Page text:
2. the degree of co-operation expected by the prosecutor in return for a DPA; 
  3. the impact DPAs may have on individuals; and 
  4. the SFO’s approach to prosecuting corporates under section 7 of the UK Bribery Act.

Overview of the DPA

Under the DPA, the Bank agreed to pay $32.2 million to resolve potential charges that it failed to prevent bribery of foreign officials in Tanzania under section 7 of the UK Bribery Act. The allegations concern a private placement of sovereign notes to raise funds for the Government of Tanzania. 

In summary, the Bank will pay: 

  • a fine of $16.8 million (being 300% of the total fee the Bank received for the transaction reduced by one third for the early resolution of the matter); 
  • compensation to the Tanzanian Government of $6million plus $1million interest; and 
  • disgorgement of profits from the transaction of $8.4 million. 

The Bank will also pay the SFO’s costs of bringing the prosecution (£330,000) and, in a related agreement, the Bank will pay the SEC $4.2 million to resolve potential violations of US securities laws. 

The Bank has also agreed to engage PWC to carry out an independent review of its anti-corruption procedures and controls and take action (including training) to address any gaps identified. The scope of PWC’s work will be agreed with the SFO. In many respects, this is akin to a section 166 “skilled persons report”—something with which companies in the financial services sector will be familiar. 

Whilst this demonstrates the prosecutor’s commitment to imposing terms specifically aimed at addressing compliance failings, this arrangement stops short of the appointment of a formal monitor for the period of the DPA. A formal monitorship would have been much more burdensome for the Bank. Nonetheless, the SFO’s oversight over PWC’s review does mean that the Bank will have to deal with the prosecutor on its internal processes and controls for some time to come yet.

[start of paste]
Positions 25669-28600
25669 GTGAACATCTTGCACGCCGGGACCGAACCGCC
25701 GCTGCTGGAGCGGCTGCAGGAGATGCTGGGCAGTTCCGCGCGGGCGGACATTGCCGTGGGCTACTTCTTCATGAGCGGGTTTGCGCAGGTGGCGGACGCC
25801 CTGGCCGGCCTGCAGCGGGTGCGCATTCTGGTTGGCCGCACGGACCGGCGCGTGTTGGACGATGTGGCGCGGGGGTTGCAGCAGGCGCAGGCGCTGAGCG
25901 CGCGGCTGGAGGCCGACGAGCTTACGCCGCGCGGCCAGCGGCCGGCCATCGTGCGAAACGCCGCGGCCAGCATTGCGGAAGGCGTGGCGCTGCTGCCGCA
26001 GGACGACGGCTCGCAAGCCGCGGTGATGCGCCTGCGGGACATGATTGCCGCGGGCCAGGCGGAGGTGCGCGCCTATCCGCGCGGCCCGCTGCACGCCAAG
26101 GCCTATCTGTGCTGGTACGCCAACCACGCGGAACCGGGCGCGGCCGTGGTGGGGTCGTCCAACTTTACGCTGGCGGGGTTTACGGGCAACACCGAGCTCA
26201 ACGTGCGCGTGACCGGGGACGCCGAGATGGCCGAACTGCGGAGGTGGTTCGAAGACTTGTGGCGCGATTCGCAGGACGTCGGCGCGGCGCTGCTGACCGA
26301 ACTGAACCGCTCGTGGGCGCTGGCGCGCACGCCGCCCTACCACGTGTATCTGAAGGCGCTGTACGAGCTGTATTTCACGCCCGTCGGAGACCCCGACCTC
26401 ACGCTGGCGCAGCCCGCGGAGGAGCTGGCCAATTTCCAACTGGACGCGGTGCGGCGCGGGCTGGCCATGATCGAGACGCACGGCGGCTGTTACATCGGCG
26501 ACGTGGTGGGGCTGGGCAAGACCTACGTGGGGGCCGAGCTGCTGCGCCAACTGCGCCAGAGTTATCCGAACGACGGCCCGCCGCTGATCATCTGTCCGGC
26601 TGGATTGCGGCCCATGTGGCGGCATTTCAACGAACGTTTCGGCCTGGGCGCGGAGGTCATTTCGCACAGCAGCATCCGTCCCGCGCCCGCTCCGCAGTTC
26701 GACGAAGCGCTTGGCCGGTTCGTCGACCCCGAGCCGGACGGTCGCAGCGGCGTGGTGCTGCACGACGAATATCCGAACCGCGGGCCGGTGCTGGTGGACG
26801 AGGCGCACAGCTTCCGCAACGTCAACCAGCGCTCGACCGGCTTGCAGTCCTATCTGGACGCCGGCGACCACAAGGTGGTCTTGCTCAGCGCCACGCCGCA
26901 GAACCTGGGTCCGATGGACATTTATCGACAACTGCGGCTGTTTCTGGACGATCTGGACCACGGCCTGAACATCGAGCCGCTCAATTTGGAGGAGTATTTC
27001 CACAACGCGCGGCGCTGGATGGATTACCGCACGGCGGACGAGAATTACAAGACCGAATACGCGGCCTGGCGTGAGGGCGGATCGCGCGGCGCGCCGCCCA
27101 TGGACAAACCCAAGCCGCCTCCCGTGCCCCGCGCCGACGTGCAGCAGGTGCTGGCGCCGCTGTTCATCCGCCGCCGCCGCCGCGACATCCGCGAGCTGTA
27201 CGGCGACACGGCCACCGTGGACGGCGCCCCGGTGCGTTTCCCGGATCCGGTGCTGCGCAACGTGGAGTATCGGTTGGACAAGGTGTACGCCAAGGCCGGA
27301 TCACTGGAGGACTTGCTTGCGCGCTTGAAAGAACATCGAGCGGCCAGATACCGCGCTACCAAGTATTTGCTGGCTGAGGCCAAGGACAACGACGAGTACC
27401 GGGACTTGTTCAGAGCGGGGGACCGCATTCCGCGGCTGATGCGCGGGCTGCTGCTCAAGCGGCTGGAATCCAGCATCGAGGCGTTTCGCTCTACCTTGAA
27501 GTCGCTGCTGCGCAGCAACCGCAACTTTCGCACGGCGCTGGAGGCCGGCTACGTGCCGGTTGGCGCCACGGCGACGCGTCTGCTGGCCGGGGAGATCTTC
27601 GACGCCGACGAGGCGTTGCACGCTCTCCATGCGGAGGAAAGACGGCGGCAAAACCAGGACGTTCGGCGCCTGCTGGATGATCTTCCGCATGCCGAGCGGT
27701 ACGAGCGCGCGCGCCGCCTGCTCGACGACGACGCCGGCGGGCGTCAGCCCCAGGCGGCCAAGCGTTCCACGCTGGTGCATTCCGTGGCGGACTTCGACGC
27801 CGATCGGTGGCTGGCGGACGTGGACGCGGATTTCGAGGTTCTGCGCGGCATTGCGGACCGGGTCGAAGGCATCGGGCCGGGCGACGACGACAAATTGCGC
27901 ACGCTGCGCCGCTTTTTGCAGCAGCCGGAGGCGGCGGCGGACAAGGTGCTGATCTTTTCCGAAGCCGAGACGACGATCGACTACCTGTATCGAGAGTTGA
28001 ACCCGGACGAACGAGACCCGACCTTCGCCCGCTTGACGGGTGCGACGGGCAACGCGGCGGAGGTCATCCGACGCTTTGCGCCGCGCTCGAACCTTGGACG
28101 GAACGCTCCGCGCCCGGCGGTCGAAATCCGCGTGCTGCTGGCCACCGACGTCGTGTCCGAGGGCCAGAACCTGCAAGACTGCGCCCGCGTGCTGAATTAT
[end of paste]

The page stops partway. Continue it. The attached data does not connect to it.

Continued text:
In addition, the Bank has agreed to continue to cooperate “fully and honestly” with the SFO. And at the SFO’s request, the Bank must also cooperate with any other agency or authority, domestic or foreign, and multilateral development banks, in any matter relating to the facts of the case. 

Further, the Bank has had to warrant that, during the three year term of the DPA, it will notify the SFO if it becomes aware of anything it knows or suspects may be relevant to the alleged offences, and that it will provide the SFO with any materials related to the same. This is a broad ranging and potentially quite onerous obligation. In light of this, and the PWC review, it is clear that the Bank’s dealings with the SFO do not end with the signing of the agreement and the payment of the penalty. 

The procedure for how the DPA process works in practice is explained in our previous briefing here. In this case, the court gave its blessing to the terms at a private hearing first, before formally approving the agreement at a public hearing on November 30th. This is the standard approach.